Fig. 3
figure 3

Results of the 3D scans of the fire exposed concrete surfaces with overlayed colour plots of the spalling depth measured in z-direction for the full scale specimens (Specimens FS C2 and FS C6 did not spall)

Fig. 4
figure 4

Results of the 3D scans of the fire exposed concrete surfaces with overlayed colour plots of the spalling depth measured in z-direction for the intermediate scale specimens (IS C2 did not spall)

Spalling depth distribution

The normalised spalling depth distribution are shown in Figs. 5 and 6. This distribution enables a quantitative analysis of the fire induced spalling using the surface plots. For this purpose, a histogram of the spalling depth with a bar width of 5 millimetres was generated. Thereby, the data was normalised by the fire exposed surface and displayed in a diagram. High relative frequencies represent a large area of the specimen that spalled off to this depth. The histograms are a complementation to the differential pictures, especially to examine surface areas with the same spalling depths for each concrete mixture. All plots for the full scale specimens have different distributions. The concrete mixture for tunnel linings (FS C1), the HSC (FS C3) and the ordinary concrete with quartzitic gravel (FS C5) show a peak at the first reinforcement layer around 50 mm depth from the fire exposed surface. Additionally, the mixtures FS C1, FS C4 and FS C5 comprise a peak within 20 mm depth. These high relative frequencies represent large areas that spalled off up to this certain depth. Therefore, FS C1 and FS C5 show a homogeneous spalling behaviour with pronounced peaks in two different depths. After their first peak, the spalling depth distribution of the mixtures FS C3 and FS C4 indicate a funnel-shaped specimen surface with large spalling depths in the specimens centre. The results of the full scale and intermediate scale specimens show that a reduction of the specimen size lead to a shift of the relative frequency values to lower spalling depths. Four of the five displayed mixtures (IS C1, IS C4-C6) show high peaks of relative frequency within the first 15 mm and a strong decrease afterwards. Only the plot of specimen IS C3 comprises spalling beyond the first reinforcement layer and a similar distribution in comparison to the full scale specimens. Therefore, the histograms underline the reduced spalling behaviour of intermediate scale compared to the full scale specimens.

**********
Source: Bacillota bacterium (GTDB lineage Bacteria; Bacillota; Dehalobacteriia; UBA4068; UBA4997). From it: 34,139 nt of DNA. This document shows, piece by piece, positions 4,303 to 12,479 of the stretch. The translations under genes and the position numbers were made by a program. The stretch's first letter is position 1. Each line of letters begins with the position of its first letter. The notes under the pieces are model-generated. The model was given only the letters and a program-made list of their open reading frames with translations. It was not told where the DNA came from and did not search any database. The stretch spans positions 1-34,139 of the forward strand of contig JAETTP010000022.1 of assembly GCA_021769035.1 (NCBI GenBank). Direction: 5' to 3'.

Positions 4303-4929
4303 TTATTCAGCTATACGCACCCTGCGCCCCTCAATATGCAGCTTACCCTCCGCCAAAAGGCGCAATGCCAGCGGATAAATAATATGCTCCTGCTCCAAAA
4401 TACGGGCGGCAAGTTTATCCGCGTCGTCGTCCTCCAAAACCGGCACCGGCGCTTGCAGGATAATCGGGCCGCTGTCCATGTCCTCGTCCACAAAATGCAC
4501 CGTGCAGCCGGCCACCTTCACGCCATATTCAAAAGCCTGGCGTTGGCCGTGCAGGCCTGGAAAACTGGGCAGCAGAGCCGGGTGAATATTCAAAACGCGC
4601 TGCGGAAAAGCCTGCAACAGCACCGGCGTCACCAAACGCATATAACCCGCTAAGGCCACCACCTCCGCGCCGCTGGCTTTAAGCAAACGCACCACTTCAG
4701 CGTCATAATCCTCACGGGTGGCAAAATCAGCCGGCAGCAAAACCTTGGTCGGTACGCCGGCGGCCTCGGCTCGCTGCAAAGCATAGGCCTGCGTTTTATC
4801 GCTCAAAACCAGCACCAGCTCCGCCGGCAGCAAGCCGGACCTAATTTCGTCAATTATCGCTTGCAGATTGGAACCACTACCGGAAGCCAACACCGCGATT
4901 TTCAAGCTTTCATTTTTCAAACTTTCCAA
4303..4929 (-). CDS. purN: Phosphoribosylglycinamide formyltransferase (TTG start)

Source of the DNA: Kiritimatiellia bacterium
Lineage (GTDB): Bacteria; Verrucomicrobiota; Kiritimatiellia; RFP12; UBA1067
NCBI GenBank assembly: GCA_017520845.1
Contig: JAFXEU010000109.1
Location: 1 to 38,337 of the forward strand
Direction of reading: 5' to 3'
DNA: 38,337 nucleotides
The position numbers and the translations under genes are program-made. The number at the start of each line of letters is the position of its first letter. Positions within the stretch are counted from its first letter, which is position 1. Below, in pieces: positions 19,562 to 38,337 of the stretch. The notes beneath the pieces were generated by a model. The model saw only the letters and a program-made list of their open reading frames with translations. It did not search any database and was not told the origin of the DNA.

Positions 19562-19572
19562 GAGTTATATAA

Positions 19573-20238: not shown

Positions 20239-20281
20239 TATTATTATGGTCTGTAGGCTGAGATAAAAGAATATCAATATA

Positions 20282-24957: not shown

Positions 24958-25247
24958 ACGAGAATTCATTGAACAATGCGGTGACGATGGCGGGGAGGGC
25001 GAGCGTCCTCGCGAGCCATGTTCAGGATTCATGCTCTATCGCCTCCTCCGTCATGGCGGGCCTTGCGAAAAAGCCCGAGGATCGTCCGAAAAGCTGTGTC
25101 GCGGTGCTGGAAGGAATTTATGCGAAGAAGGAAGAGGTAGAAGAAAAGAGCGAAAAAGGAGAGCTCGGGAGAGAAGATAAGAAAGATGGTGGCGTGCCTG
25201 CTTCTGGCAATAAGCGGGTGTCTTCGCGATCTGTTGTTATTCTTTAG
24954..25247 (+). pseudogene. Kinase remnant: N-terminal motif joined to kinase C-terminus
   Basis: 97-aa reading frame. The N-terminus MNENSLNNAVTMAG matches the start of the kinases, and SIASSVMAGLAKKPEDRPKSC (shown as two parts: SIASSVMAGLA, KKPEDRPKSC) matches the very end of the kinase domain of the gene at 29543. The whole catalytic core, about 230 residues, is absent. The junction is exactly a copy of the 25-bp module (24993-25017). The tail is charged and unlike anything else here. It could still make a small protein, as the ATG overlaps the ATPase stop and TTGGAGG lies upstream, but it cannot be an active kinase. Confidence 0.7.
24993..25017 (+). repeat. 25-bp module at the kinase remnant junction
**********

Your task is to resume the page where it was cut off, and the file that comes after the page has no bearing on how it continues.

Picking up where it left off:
Fig. 5
figure 5

Normalised spalling depth distribution of the full scale (FS) concrete specimens

Fig. 6
figure 6

Comparison of the normalised spalling depth distribution of the intermediate scale (IS) concrete specimens

Spalling volume

The results of the 3D scans provide even more quantitative information. Table 3 shows the absolute spalling volume [\(\hbox {dm}^3\)], the spalling volume related to the fire exposed area [\(\hbox {dm}^3\,\hbox {m}^{-2}\)], the ratio between spalled and total volume [%] and the maximum spalling depth [mm] of the specimens that are shown in Figs. 3 and 4. The highest spalling volume and maximum spalling depth for the full scale specimens was recorded for the HSC. The second most spalling volume occurred for the SCC followed by the concrete for tunnel-linings and the ordinary concrete with quartzitic gravel. To point out a size effect, it must be considered that the volume of the intermediate scale specimen is six times smaller than the full scale specimen. The results for the concrete mixtures that were affected by spalling in both sizes show that the absolute spalling volume is reduced with decreasing specimen volume. Additionally, the difference of absolute spalling volume within a mixture is at least 2.5 times higher than the difference in specimen volume. However, a size effect is only carried out if at least two different sizes of one mixture are affected by spalling. Due to the usage of PP-fibres, no spalling occurred for mixture C2 for all tested specimen sizes. Additionally, the full scale specimen and small scale specimens of the ordinary concrete with basaltic gravel did not spall. In this scenario, only the intermediate scale specimens spalled. This is further discussed in Sect. 3.5. Considering the other results of the mixtures C1, C3, C4 and C5 spalling is carried out with two of the three tested specimen sizes. On the other hand, the spalling volume depends on several parameters. These are the specimen size, pore pressure, permeability, the age effect and moisture content, see [2, 34]. Besides the specimen size, the influence of the other factors was not addressed within this study. The results show that a size effect exists but there are too many unknown variables to summarise it with one factor. Additionally, none of the smaller specimens display the same spalling behaviour of the next larger specimen size. Therefore, it can be concluded that the small scale specimens are to small to assess the spalling behaviour of different concrete mixtures. In case of the intermediate scale specimens, further adaptions to the testing conditions must be carried out to achieve results comparable with the full scale specimen. The improvement of the test conditions for the intermediate scale specimens are part of an ongoing research.